The family continued to call in vain for ambulances. The Israeli military allowed a Red Crescent ambulance to enter the area two hours later and retrieve the dead woman and three injured family members.
Jaber Abu Said holds part of the shell that wounded him.
One of Nema’s children stands outside the family’s home.
Israel’s winter invasion, dubbed “Operation Cast Lead,” resulted in the deaths of more than 1,400 Palestinians, the vast majority of whom were civilians, including more than 300 children. On 27 January, 2009, Amnesty International compiled a list of prohibited weapons that the Israeli forces used against the population of Gaza.
Flechettes are small metallic daggers with barbed points, four centimeters long with four small fins in the back. According to the Israeli human rights group B’Tselem, flechettes are loaded into shells fired by tanks. When the shells explode in mid-air, 30 meters from the ground, they propel a swarm of 5,000 to 8,000 flechettes, covering a cone-shaped radius, 300 meters wide and 100 meters long (“Flechette shells: an illegal weapon”).
Although flechette shells are considered an illegal weapon, Israel continues to use them. In 2002, the Israeli high court rejected a petition presented by Physicians for Human Rights-Israel and the Palestinian Centre for Human Rights to end use of the flechettes in the occupied West Bank and Gaza Strip. Flechettes were also used by Israel during is July 2006 invasion of Lebanon.
On 5 January 2009, in Beit Hanoun in the northern Gaza Strip, numerous flechette shells were fired onto a main street, killing two civilians. Wafa Nabil Abu Jarad, a 21-year-old mother expecting twins, and 16-year-old Islam Jaber Abd al-Dayem were both killed by the darts.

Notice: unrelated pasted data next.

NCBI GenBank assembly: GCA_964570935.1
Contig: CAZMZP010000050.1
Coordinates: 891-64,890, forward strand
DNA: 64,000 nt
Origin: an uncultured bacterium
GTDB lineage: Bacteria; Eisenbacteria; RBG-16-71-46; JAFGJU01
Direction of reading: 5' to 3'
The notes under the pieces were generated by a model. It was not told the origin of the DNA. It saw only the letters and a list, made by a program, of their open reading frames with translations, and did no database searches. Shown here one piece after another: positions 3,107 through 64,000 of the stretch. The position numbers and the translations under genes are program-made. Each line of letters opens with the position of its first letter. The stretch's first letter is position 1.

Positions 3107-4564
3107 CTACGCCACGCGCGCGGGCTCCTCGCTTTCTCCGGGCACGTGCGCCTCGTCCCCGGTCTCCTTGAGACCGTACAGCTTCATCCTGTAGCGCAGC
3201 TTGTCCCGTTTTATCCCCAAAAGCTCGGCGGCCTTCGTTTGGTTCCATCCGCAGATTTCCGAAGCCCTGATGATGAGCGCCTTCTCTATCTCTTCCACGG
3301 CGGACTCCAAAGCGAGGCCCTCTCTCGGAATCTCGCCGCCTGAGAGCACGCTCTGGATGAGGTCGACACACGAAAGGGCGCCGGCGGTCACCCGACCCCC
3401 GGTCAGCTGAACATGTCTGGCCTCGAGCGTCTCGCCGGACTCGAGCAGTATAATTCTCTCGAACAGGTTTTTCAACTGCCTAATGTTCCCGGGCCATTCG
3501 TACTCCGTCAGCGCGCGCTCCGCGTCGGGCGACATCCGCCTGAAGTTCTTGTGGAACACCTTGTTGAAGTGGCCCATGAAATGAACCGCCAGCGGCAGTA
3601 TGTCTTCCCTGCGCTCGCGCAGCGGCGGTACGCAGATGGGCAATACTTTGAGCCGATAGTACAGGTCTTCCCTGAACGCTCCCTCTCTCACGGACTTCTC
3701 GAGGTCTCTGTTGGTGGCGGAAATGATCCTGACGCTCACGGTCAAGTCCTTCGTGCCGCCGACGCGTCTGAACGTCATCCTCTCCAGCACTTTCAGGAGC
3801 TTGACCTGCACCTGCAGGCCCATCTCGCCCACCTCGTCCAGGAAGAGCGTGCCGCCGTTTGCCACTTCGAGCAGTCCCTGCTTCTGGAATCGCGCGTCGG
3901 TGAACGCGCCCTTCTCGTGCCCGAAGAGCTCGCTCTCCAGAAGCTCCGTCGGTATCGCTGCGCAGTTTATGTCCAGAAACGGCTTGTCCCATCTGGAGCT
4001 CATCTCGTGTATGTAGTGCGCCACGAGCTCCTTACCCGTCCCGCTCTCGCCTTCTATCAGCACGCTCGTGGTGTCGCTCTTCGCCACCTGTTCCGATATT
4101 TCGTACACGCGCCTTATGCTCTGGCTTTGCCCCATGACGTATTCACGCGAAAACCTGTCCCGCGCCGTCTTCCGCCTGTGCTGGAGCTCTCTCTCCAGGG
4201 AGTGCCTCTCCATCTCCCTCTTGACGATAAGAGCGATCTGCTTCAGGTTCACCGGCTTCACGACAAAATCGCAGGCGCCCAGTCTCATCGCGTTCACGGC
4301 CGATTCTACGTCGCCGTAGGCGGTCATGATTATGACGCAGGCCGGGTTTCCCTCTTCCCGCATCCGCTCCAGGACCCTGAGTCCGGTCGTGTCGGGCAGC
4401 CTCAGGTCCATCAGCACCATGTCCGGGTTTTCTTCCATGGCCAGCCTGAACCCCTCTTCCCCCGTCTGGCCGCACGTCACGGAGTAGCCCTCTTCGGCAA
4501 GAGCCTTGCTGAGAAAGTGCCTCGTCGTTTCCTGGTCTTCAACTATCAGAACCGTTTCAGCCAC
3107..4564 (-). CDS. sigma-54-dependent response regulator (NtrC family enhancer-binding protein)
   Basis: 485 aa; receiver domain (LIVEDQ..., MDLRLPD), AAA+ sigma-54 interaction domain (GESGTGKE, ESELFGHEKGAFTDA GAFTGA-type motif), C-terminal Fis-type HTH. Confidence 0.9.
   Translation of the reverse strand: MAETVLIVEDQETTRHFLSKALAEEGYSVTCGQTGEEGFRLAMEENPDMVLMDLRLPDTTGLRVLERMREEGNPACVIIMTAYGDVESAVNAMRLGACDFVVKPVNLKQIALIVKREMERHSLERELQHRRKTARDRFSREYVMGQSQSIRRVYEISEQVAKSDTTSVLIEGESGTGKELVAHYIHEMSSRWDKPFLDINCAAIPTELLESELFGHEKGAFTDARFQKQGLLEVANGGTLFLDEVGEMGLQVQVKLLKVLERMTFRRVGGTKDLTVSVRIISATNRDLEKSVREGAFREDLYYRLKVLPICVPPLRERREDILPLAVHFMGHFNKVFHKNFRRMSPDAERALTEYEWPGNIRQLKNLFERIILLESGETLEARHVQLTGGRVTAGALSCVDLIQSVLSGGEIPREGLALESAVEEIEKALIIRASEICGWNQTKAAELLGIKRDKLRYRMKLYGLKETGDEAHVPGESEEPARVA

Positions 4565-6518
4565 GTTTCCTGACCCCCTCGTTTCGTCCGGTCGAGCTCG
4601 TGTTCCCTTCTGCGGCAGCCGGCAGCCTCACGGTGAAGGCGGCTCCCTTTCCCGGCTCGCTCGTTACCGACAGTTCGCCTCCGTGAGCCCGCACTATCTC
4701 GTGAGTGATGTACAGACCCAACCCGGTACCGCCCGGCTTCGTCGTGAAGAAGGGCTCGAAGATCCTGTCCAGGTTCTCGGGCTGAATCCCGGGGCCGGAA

Similarly, on 16 April 2008, Fadel Shana, a cameraman for Reuters news agency and two children nearby were also killed by flechettes. Shana was filming in Johr al-Dik, a few hundred meters from the Abu Said family’s farm, when he was hit by a tank shell.
In spite of the attack and Nema’s death, the Abu Said family will remain on the farm. They will do this out of a sense of pride, a desire to live and die on their own property, and because they have nowhere else to go.
Jaber, a member of the Abu Said family and a survivor of the attack, explained: “No form of resistance activity has ever taken place anywhere near our farm, ever. No threat whatsoever to Israel and its soldiers exists. I really don’t understand why they’ve done this to us.”
Meanwhile, young Nader asks relatives and visitors about his mother. None of his relatives have yet found the right words to explain to this innocent child what happened to his mother. Do those words actually exist?
All images by Vittorio Arrigoni.
Vittorio Arrigoni has worked as a human rights activist for more than a decade. He lived in Gaza until September 2009. As an activist with the International Solidarity Movement and freelance journalist with the Italian newspaper Il Manifesto he has provided eyewitness accounts for the world to read and is author of the book Gaza: Stay Human.
This essay was translated from Italian by Daniela Filippin.